Councilman Trinkle understood the frustrations of the residents and the need for resolution way back in 2008,

"The bad in my mind is that this discussion has been going on far too long and has impacted those who live in the area and have lived with uncertainty for many years. One worry, historically based, is that with long discussions and debates the bold option gets whittled to a mediocre option not at all in keeping with original intent and thus doomed for failure." [ July 8, 2008]

It seems, the city is staring down the throat of Trinkle’s apocalyptic forecast.

Countryside is NOT a lost cause. It’s just the sort of the bold option for which Councilman Trinkle wrote back in 2008. But if the council doesn’t act in favor of restoration, Countryside will simply be a lost course with the cursed property doomed to breed discontent.

Friday, June 18, 2010

Sure Would Be Nice

It sure would be nice
to erase the wisps
to bend the blades
to see rabbits
dodging white balls

It sure would be nice
to find the plums
to feel the jet wash
to wake the snapping turtles
sleeping in the ponds

It sure would be nice
to reopen Countryside
to invest in a community
to see golfers
playing golf

Wednesday, March 31, 2010

The Last Round

My brothers and I took our trained monkey out onto Countryside Golf Course last weekend. The monkey held the camera as we reminisced. Part one of the video covers the first six holes.

Here is part 2 of The Last Round. By this point, the trained monkey was too tired to hold the camera, so I took over. Holes 7-12

I'll have the last segment uploaded to YouTube sometime soon. I apologize for video quality issues. I don't have access to the finest equipment.

Monday, March 29, 2010


I took my trained monkey out to the course to film some of the sediment in the stream along Frontage Road where the RPZ towers intersect the creek. I noticed a lot of sediment along the Frontage Road stretch. There currently is not as much sediment beside teh seventh green; however, with the stripped hillside, I see a greater potential for the hill to wash away into the stream.

Sunday, March 28, 2010



Friday’s rain gave way to a hard freeze Saturday morning. Cars were glazed over with a thick, crusty coating. The frozen grass melted as the sun erased the shadows. One thing came to my mind. Golf.

Countryside Golf Course closed on March 1, and I never had the opportunity to say good-bye properly. Today was my day. Together with my two brothers, I ventured onto the forbidden course and documented my last round. Eventually, I'll have the video we shot from that last round here on this blog.

As my brothers and I walked the course, we stepped back into time and relived memories from our youth. From the time I was merely seven years old, Countryside/Arrowood was a part of my life. Lazy summer days were spent walking around my very own playground. I grew to know every square inch. Though I would never develop the talent for golf that my brothers or father displayed, I could walk that course blind. Every trap. Every bush. Every tree. Every meadowlark’s nest in the tall grass on #12. Its beauty was what I measured every other course I visited against.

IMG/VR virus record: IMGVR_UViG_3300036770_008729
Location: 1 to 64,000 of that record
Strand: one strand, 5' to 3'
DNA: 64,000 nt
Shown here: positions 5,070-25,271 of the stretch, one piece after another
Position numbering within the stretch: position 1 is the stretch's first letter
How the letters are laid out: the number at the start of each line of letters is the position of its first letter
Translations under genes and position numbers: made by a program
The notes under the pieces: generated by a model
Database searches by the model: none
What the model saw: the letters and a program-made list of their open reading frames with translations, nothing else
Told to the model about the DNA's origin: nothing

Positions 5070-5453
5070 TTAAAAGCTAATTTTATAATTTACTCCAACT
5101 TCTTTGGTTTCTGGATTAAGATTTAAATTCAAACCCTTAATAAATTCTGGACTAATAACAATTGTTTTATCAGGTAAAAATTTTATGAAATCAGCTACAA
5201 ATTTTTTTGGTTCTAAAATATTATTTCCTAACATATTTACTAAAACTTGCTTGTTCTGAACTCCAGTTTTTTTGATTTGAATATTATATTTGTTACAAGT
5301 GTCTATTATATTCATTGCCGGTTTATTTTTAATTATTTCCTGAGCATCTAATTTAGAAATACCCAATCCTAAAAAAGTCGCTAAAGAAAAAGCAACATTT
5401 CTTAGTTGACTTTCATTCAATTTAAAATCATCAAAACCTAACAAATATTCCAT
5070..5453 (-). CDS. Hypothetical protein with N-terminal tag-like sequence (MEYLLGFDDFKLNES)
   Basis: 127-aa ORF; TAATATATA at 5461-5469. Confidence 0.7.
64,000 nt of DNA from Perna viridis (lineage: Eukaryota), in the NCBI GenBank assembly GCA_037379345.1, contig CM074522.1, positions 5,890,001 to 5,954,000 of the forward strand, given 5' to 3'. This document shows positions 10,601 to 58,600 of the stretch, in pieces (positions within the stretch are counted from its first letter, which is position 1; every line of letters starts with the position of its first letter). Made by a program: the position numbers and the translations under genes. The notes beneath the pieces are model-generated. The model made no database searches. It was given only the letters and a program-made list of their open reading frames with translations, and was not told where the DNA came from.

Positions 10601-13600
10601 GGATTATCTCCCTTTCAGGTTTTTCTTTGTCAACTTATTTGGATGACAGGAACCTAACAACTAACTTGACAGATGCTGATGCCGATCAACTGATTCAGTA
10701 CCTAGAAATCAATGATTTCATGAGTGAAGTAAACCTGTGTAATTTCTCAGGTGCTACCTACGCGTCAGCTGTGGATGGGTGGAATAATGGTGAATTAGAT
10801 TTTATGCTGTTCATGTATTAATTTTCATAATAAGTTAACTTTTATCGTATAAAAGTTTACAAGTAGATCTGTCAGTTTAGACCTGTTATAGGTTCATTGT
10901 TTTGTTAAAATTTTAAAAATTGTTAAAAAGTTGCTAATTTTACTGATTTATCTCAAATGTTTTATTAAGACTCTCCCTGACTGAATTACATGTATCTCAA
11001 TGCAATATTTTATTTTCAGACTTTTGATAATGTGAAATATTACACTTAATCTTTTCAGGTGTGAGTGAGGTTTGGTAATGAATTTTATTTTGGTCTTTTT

As I walked today, I found little to cherish. The course looked sad and pillaged. Left to decay. Yet despite it all, the plum tree on the third hole is in bloom.

John McCutcheon recorded a song he called “Elvaton” on his album “How Can I Keep From Singing?” back in the early 70’s. That song has always resonated with me. It’s about a small town in South Carolina that was flooded to make way for the production of nuclear fuel. For a long time, I never could find any reference to the town of Elvaton being taken over by the government. However, I recently uncovered this song with exactly the same lyrics. As you will see, the name of the town is Ellenton, South Carolina. It was a town of 6,000 quiet souls before their government came and destroyed their lives.

What happened to Ellenton reminds me, to a smaller degree, of what’s happened to my Countryside.

Death of Ellenton

Where the broad Savannah flows along to meet the mighty sea,

There stood a peaceful village that meant all the world to me.

The home of happy people--I knew each and every one,

My kin folk and all the friends I loved---the town was Ellenton.

But the military came one day and filled our hearts with woe.

"We'll study war right here," they said, "The little town must go."

Then they came with trucks and dynamite. The din and dust rose high.

I stood and gazed in silence as I watched my hometown die.

They brought bulldozers by the score where children used to play,

Pushed over all the trees we loved, and scraped the flowers away.

Now the homes are gone--the schoolhouse too--the sweat and toil of years,

And with them all the joys and hopes of past and future years.

The little church was hauled away. The fields are brown and bare,

And in their place a mighty plant. They build the H-bomb there.

Now the smoke hangs o'er the valley like the mist before my eyes,

Has been there ever since the day I sa

Oh, the friends we know and love, we'll meet upon some other shore,

For Ellenton--fair Ellenton is gone forever more.